What to Expect From Google's Android VR Headset

google virtual reality headset VR
A Google employee dons a virtual reality headset during the opening an event in Paris on January 21. The tech giant is reportedly planning to unveil a high-end VR headset at its annual developers conference. ALAIN JOCARD/AFP/Getty Images

Almost two years ago, Google made its first major foray into virtual reality by leaving a small cardboard package on the seats of its annual developer conference in California. The package folded out to a smartphone mount that offered users a rudimentary VR headset, suitably named Google Cardboard.

Since then, more substantial offerings have been made by tech rivals Samsung and Facebook with the Gear VR and the Oculus Rift, while HTC, Sony and other companies have come up with their own virtual reality headsets.

Not one to be left behind, this year's Google I/O conference in Mountain View, California, is expected to focus heavily on virtual reality, with the technology giant reportedly planning its own high-end headset that will disrupt the Samsung and Oculus "monopoly." Unofficial Google blog Android Police reported earlier this month that an Android VR placeholder had appeared alongside Android Wear, Android TV and Android Auto icons on its Google Play Developer Console.

Entrepreneur and tech journalist Peter Rojas subsequently tweeted: "Android VR will definitely be announced next week, and from what I've heard will be less powerful than the Vive or Rift."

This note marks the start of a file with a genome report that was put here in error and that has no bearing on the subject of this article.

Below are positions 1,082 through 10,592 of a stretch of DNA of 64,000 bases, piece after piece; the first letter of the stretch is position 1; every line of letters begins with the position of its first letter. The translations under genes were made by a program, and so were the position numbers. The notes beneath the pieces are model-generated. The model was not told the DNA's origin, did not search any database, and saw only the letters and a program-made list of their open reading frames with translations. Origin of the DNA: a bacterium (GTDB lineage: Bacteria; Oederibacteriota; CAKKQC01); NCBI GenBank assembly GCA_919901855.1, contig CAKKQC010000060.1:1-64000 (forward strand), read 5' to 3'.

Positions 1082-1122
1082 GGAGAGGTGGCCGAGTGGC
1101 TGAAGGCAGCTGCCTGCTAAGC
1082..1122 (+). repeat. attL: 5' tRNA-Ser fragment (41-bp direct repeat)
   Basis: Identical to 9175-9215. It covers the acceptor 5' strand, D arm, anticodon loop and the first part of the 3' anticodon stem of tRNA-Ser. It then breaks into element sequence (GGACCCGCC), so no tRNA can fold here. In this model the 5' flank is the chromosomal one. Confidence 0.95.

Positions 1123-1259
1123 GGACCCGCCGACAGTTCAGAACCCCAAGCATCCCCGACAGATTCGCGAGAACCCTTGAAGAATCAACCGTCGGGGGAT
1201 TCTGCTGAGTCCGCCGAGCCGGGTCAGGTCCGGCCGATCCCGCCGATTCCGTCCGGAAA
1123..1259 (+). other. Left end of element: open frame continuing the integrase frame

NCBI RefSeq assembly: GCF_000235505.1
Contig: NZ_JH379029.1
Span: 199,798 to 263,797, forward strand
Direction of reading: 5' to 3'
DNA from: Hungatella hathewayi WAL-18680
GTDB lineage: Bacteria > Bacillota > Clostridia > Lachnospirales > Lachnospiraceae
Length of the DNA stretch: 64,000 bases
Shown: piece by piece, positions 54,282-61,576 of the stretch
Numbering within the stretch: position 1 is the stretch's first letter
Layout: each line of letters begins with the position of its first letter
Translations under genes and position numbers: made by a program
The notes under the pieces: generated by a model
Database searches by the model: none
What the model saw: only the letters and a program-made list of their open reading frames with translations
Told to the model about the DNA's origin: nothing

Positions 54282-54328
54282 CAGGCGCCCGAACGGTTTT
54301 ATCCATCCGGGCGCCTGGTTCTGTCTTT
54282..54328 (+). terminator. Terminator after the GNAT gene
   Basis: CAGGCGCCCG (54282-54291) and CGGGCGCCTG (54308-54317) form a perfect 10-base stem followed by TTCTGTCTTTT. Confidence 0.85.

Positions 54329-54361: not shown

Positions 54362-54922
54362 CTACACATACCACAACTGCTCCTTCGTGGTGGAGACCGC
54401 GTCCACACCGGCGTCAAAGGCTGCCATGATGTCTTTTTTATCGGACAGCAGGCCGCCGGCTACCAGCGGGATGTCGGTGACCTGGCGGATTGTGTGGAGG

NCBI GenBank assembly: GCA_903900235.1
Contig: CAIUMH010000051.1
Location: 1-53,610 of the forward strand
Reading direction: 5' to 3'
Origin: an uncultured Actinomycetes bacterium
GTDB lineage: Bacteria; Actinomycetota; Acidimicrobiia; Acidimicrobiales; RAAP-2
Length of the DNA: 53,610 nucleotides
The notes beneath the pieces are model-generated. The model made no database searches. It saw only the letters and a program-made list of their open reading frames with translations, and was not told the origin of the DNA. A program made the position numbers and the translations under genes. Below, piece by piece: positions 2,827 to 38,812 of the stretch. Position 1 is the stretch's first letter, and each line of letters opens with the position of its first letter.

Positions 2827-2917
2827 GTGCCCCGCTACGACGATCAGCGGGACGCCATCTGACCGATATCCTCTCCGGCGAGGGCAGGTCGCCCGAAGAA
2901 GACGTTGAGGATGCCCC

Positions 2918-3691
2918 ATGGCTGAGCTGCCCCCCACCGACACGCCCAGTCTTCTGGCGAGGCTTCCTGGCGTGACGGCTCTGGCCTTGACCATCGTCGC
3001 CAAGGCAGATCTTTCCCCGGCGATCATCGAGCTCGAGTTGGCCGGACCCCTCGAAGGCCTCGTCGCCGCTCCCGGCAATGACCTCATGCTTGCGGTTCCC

Android VR will definitely be announced next week, and from what I’ve heard will be less powerful than the Vive or Rift.

— Peter Rojas (@peterrojas) May 11, 2016

Other rumors surrounding Android VR suggest it will be a standalone device, with Kyle Russell from investment firm Andreessen Horowitz claiming it won't need to be paired with a smartphone or computer in order to work. This contrasts with reports from the Financial Times, however, that suggest the device will require a smartphone.

Whichever way it operates, Google is likely to draw upon technology from its kaleidoscopic array of divisions, subsidiaries and partners. Motion-tracking cameras, for example, could be built by Dublin-based startup Movidius, which has previously been involved with Google's Project Tango smartphone and tablet.

@peterrojas rumors suggest it's standalone, not connected to PC. Even if it matched on pixel count and optics, will lack graphics horsepower

— Kyle Russell 🚀 (@kylebrussell) May 11, 2016

The Android VR headset is also likely to use the latest version of the Android mobile operating system, which is also expected to be fully unveiled at Google I/O. Google names its Android versions alphabetically after sweet treats and confectionary, so the follow-up to Marshmallow could be called anything from Nutella to Nougat.

By building Android VR directly into the Android platform, the headset would not require third-party apps. A new "virtual reality mode" has already been spotted in early versions of the new Android software.

To find out exactly what virtual reality ambitions Google is harboring, tune into the livestream of the Google I/O conference hosted on YouTube at 10 a.m. PST (1 p.m. EST or 6 p.m. BST).